EJF film reveals labor rights violations on Taiwanese vessels

A new investigative film from the Environmental Justice Foundation (EJF) claims to have uncovered evidence of beatings at gunpoint, bonded labor, dangerous working conditions and squalid living conditions on Taiwanese fishing vessels.

The film shows that although some new rules have been introduced in Taipei, out at sea human rights abuses continue.

EJF interviewed dozens of migrant fishermen who have worked aboard Taiwanese-owned fishing vessels operating both in national waters and across the world. You can see the film at the end of this article.

The fishermen — the majority of who are from Indonesia and the Philippines — reported violence, abuse and threats, squalid conditions and heavy financial deductions for food, travel, medical checks and accommodation. They reported working long hours, in unsafe and inhumane conditions for little or no money.

“The film highlights the shocking levels of human rights abuses, and the need to take urgent action to protect people working in the Taiwanese fishing industry,” said EJF. “The film highlights the need to ratify and implement the International Labour Organisation convention designed to protect the rights of workers in the fishing industry. All countries need to ensure that legislation is in place that secures prosecutions against people involved in human trafficking.”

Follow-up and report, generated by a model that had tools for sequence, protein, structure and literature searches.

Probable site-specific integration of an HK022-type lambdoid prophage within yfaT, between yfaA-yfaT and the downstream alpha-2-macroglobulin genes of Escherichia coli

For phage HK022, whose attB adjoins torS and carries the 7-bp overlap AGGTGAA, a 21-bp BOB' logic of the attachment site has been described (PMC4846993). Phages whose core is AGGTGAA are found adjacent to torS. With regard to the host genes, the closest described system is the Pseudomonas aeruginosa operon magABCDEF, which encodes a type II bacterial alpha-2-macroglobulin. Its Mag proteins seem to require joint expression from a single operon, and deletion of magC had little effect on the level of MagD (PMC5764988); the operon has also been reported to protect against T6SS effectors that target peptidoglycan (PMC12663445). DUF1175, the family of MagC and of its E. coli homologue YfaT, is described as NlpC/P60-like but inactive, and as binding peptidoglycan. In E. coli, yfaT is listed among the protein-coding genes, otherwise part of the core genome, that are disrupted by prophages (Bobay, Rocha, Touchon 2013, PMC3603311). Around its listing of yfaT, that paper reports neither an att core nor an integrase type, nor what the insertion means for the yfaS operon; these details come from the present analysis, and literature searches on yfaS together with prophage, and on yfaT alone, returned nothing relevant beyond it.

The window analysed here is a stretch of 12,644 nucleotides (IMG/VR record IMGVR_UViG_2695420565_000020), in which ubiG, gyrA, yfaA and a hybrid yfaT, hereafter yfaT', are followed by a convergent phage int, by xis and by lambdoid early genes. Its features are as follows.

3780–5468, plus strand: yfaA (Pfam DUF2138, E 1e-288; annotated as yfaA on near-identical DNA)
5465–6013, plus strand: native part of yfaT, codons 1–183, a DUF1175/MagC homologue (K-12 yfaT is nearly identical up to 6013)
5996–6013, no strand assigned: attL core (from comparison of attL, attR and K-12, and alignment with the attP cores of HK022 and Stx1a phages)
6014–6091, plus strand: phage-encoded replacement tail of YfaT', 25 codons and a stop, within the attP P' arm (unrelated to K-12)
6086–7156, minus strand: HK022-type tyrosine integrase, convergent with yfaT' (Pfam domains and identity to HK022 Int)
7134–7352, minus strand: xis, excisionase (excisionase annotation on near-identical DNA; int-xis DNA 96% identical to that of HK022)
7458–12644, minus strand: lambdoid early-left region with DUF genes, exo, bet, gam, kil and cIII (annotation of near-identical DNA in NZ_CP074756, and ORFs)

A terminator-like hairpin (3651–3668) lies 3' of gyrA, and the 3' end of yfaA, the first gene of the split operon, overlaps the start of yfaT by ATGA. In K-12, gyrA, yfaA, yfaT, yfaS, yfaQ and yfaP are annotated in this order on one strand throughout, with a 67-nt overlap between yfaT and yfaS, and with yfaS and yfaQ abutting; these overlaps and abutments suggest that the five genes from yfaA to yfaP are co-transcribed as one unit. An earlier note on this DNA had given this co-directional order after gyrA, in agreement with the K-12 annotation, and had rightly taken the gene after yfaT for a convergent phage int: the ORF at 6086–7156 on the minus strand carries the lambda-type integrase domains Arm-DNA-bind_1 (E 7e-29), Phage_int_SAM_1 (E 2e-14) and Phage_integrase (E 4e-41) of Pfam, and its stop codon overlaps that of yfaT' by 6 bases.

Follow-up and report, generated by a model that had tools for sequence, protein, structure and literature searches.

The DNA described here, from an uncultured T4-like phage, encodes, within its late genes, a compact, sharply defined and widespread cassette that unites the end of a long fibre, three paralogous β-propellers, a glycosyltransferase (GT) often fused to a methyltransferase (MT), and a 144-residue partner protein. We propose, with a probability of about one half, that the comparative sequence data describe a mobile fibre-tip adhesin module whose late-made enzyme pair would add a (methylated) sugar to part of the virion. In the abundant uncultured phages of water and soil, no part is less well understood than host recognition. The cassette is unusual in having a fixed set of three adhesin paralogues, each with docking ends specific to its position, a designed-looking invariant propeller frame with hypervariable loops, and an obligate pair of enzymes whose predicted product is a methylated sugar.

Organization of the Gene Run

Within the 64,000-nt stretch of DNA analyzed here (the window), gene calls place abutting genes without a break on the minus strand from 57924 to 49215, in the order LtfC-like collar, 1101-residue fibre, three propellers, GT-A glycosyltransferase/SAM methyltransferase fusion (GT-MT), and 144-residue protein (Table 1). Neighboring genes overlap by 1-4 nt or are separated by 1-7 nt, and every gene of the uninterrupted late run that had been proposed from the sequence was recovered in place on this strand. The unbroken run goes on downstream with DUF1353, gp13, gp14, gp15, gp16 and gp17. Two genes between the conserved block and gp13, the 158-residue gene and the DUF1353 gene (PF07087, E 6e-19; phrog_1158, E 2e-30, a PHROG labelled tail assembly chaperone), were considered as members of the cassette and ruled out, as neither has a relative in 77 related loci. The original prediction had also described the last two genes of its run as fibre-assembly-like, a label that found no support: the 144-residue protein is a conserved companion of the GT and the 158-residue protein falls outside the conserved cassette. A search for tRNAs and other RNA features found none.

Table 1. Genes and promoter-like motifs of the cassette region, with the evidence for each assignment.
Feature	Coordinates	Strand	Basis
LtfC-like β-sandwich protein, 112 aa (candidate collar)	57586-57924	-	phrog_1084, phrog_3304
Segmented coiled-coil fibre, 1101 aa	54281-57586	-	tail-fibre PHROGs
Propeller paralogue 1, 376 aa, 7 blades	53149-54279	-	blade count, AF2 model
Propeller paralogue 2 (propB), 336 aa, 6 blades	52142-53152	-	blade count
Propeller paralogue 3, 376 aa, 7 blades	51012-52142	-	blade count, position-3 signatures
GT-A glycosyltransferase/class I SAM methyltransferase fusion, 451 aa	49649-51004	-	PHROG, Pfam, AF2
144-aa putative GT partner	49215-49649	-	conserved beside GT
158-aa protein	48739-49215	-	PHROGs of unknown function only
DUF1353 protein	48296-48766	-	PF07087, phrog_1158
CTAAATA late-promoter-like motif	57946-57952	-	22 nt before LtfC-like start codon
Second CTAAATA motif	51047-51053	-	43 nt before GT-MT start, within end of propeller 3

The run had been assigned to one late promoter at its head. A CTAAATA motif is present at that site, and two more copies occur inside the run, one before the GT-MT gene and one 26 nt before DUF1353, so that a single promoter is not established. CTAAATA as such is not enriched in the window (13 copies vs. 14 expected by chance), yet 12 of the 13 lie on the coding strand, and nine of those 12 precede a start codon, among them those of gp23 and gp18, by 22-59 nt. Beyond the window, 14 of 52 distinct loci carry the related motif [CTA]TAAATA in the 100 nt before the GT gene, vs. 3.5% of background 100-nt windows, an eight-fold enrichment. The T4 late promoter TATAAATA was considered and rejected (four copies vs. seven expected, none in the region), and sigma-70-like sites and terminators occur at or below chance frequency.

EJF called on all governments and the private sector to introduce the readily available measures to ensure transparency from “net to plate” that will enable fisheries managers and enforcement officials to ensure fish is caught legally, sustainably and ethically.

Taiwan is a major supplier of seafood, shipping annual exports worth around $2 billion to Europe, the US, Japan, and other major economies.

Many vessels in the Taiwanese distant water fleet do not return to port for months or even years at a time, simply transferring their catch to other boats out at sea.

These long fishing periods allow vessels to exploit marine resources to the maximum, while the extreme isolation on the high seas means that crew are vulnerable to abuse, with no government measures in place to inspect their conditions. Prosecutions for human trafficking in the industry are almost non-existent, said EJF.

Taiwan has been repeatedly criticized over its failure to protect human rights in the fishing industry in the last five Trafficking in Persons reports from the US Department of State. The EU is also set for a fact-finding mission to Taiwan in March, to see what progress has been made in combating illegal fishing practices.

Exploitation and Lawlessness: The Dark Side of Taiwan’s Fishing Fleet from Environmental Justice Foundation on Vimeo.

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